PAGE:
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While the official business lobby may have opposed the tax and minimum-wage increases, substantial business support lined up behind much of the new investment. Groups like the Itasca Project, primarily composed of leaders of our state’s largest corporate entities, actually led the way more than a decade ago, drawing attention to a racial equity gap in school achievement and economic outcome, along with the need for transportation investment. Improved investments in early childhood initiatives, and reducing racial disparities in education have been spearheaded by iconic business giants such as Target and General Mills, and by umbrella groups like the United Way.
Minnesota’s largest religious denominations also lined up strongly, in a carefully nonpartisan way, behind most of the equity agenda. Minnesota’s Joint Religious Legislative Coalition includes the leadership of two of our largest denominations, Lutherans and Catholics, as well as Islamic, Jewish and many other Protestant churches. The coalition has long pushed for sufficient and progressive taxation and a host of specific economic policies that lift up the poor and low-income families. Also coming on strong at the State Capitol in recent years is ISAIAH, composed of more than 100 mostly Christian churches that aggressively push “to establish racial and economic justice.’’
A notion long advanced by some religious fundamentalists that government action to reduce economic inequality is the creature of an “irreligious left’’ was never accurate, and it’s particularly false in Minnesota.
Decidedly nonpartisan philanthropic foundations, and perhaps most nonprofit organizations (which account for about 10 percent of Minnesota’s workforce and economy), also have strongly supported equity policy. Many of the major foundations in Minnesota have elevated the word “equity,’’ or a more inclusive prosperity, in their mission and goal statements. The Minnesota Budget Project, a public-policy voice of the Minnesota Council of Nonprofits, has for years been one of the most effective voices calling for increasing public investment, for reducing economic inequality and for a more progressive tax structure.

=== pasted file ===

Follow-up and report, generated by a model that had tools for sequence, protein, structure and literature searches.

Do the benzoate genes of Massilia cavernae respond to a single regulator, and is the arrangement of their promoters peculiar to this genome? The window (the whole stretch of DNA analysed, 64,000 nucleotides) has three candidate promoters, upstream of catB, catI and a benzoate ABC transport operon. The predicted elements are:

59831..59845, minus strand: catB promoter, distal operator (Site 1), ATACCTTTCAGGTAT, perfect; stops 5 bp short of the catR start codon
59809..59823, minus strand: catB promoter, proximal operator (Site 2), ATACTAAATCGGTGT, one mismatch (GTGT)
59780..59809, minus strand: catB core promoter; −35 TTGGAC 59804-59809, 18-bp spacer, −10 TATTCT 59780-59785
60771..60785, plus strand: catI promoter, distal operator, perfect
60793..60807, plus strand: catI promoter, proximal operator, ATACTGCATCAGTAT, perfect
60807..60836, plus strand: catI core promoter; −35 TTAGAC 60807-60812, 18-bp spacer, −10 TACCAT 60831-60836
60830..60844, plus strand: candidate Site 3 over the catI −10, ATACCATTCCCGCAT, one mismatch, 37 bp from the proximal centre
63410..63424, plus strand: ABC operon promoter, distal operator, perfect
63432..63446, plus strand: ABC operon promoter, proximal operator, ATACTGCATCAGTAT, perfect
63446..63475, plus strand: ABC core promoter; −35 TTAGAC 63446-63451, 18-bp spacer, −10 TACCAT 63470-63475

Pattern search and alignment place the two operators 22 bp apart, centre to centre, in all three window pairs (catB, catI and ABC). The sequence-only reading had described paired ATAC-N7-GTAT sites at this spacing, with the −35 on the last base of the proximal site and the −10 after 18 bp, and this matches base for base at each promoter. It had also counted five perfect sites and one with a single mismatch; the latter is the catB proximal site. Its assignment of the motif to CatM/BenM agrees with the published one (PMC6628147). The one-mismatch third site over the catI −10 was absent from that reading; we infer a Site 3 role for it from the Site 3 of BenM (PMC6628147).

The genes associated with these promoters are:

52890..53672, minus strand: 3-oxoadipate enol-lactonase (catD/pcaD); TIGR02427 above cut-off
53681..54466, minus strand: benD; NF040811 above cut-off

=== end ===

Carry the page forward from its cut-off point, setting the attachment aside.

So the consensus is strong, if by no means universal. Business interests, despite strongly supporting parts of the equity agenda — especially early childhood and transit investment — will continue to call for tax cuts and back candidates who would cut public investment in a broader equity agenda. Some business voices will argue that the equity investments they seek can be financed through reallocation and redesign of government. That makes some sense.
In the meantime, we can be heartened to see more conservatives reframing their narrative around inequality. And let’s consider the idea that this momentous shift could be cast as a conservative statement, a reaffirmation of a traditional Minnesota culture marked by an unselfish, forward-looking business spirit, strong families and communities, and an egalitarian barn-raising, church-social impulse. All for one. One for all.
This is the ethos that has put Minnesota on the cutting edge of technological innovation and has given us more Fortune 500 companies per capita than almost any other state, while also keeping us at the forefront of improvements in public education and health, and out front on human rights, women’s equality, civil rights and integration, and environmental health.
Most Minnesotans understand that the market forces and geopolitics that drive inequality are global and national in scope and there’s only so much we can do. But we should be proud to have reasserted ourselves as a people who nevertheless will act locally to broaden our prosperity within our borders.
And no matter what the outcomes in November, we can’t turn back from this new imperative.
Dane Smith is the president of Growth & Justice, a public-policy organization that seeks to reduce economic and racial inequality in Minnesota.
The Opinion section is produced by the Editorial Department to foster discussion about key issues. The Editorial Board represents the institutional voice of the Star Tribune and operates independently of the newsroom.